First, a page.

Bunyan is not alone in his understanding of taxes. Fifty percent of boomers say they have an advanced understanding of the concept of paying taxes.
Mark and Mary have long leaned on financial advisors for basic information on most money-related topics, including insurance. In addition, the couple cites research as a critical part of their financial learning curve.
From a young age, Mark’s father drove home the notion of saving for him. “That was probably the best financial advice I ever received,” he said. “Interestingly, the worst advice I ever received was always to invest conservatively. That also came from my dad. Nobody’s right all the time.”
Among those surveyed by Investopedia, 62% are retired, and 23% say they expect to retire, leaving 16% unsure they will ever be able to quit working. A significant majority (70%) of still-working boomers expect to be able to support themselves with Social Security when they are no longer able to work. That may be more wishful thinking than reality.
According to the Social Security Board of Trustees, Social Security benefits will be fully payable until trust fund reserves are exhausted in 2034. After that, collections will pay 78% of scheduled benefits, likely resulting in benefit reductions, payroll tax rate hikes, or both.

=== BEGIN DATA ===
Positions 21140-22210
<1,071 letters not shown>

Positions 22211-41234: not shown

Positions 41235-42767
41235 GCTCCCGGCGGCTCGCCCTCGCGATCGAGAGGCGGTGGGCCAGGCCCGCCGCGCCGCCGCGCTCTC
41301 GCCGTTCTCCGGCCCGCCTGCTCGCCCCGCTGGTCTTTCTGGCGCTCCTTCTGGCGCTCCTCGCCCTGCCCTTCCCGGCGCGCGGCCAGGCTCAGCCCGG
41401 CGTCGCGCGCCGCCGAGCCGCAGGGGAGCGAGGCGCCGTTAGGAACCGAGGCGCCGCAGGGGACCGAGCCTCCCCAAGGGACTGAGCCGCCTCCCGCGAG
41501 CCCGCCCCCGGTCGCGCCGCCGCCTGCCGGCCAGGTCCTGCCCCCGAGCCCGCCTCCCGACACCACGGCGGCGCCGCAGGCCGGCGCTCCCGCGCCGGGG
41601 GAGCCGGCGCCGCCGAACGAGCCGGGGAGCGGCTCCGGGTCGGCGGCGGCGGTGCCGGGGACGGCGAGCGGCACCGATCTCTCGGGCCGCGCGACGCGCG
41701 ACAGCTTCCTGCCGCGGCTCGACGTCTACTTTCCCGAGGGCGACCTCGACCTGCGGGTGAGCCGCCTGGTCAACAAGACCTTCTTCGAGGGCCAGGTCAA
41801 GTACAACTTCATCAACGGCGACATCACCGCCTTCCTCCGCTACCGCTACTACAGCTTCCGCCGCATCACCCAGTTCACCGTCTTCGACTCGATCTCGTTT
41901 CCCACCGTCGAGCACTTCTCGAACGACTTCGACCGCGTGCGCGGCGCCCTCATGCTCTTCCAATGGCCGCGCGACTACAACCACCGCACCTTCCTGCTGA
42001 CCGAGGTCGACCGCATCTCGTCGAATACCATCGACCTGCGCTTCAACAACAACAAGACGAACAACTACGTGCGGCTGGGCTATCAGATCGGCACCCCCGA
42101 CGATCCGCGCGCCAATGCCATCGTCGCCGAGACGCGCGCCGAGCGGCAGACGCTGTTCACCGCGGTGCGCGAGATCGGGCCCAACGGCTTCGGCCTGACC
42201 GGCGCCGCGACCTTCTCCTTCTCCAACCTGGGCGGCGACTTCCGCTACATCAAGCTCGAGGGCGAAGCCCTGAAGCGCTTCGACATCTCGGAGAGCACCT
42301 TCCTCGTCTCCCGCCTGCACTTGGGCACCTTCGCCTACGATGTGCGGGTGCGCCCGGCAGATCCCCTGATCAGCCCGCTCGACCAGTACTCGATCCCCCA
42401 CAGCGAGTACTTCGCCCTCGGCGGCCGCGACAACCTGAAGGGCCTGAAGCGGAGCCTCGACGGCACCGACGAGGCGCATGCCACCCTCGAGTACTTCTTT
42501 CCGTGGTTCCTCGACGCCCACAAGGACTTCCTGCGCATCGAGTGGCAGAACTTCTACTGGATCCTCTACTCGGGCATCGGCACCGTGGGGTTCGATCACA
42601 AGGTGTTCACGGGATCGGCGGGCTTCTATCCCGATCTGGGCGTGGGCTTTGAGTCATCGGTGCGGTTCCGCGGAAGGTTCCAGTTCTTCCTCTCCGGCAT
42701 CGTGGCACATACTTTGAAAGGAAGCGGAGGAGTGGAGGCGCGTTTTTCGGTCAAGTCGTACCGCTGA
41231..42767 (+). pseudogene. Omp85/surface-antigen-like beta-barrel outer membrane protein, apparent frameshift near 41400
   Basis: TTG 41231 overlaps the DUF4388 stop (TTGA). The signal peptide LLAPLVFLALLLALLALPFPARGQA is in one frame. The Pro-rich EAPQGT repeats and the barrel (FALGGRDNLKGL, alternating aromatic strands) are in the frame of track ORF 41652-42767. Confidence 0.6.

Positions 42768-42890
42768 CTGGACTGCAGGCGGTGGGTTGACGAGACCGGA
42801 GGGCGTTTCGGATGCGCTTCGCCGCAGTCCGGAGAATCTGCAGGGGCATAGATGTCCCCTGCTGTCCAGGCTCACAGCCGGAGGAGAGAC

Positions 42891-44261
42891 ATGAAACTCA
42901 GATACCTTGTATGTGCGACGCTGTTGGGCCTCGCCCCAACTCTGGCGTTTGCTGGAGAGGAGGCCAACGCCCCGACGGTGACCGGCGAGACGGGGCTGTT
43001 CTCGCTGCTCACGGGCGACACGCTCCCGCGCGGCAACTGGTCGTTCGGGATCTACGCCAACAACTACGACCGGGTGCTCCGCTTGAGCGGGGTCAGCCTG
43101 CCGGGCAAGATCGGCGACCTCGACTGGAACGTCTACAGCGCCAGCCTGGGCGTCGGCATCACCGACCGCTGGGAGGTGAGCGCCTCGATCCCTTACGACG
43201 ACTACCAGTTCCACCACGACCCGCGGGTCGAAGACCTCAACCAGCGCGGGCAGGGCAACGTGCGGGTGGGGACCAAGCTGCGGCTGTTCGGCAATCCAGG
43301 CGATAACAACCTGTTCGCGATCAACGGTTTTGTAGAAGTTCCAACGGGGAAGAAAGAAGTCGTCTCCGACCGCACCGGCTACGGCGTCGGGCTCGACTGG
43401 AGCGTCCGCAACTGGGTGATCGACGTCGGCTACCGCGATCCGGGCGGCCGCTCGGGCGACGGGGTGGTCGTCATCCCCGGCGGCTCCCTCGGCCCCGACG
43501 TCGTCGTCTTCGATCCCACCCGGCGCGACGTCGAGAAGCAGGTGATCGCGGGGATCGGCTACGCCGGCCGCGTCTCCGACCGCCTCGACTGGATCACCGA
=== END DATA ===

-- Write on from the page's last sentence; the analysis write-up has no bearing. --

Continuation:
When it comes to other retirement expectations, more than 25% of survey participants expect to receive retirement income from pensions and 401(k)s. Others expect income from savings, certificates of deposits (CDs), and market investments.
Maines is one of the lucky boomers entitled to a defined-benefit pension. Two actually: one from military service and the other from his post-military civilian job. He says the combination of Social Security and government pensions he receives is sufficient for his needs and “90% guaranteed,” so he isn’t worried about outliving his retirement income.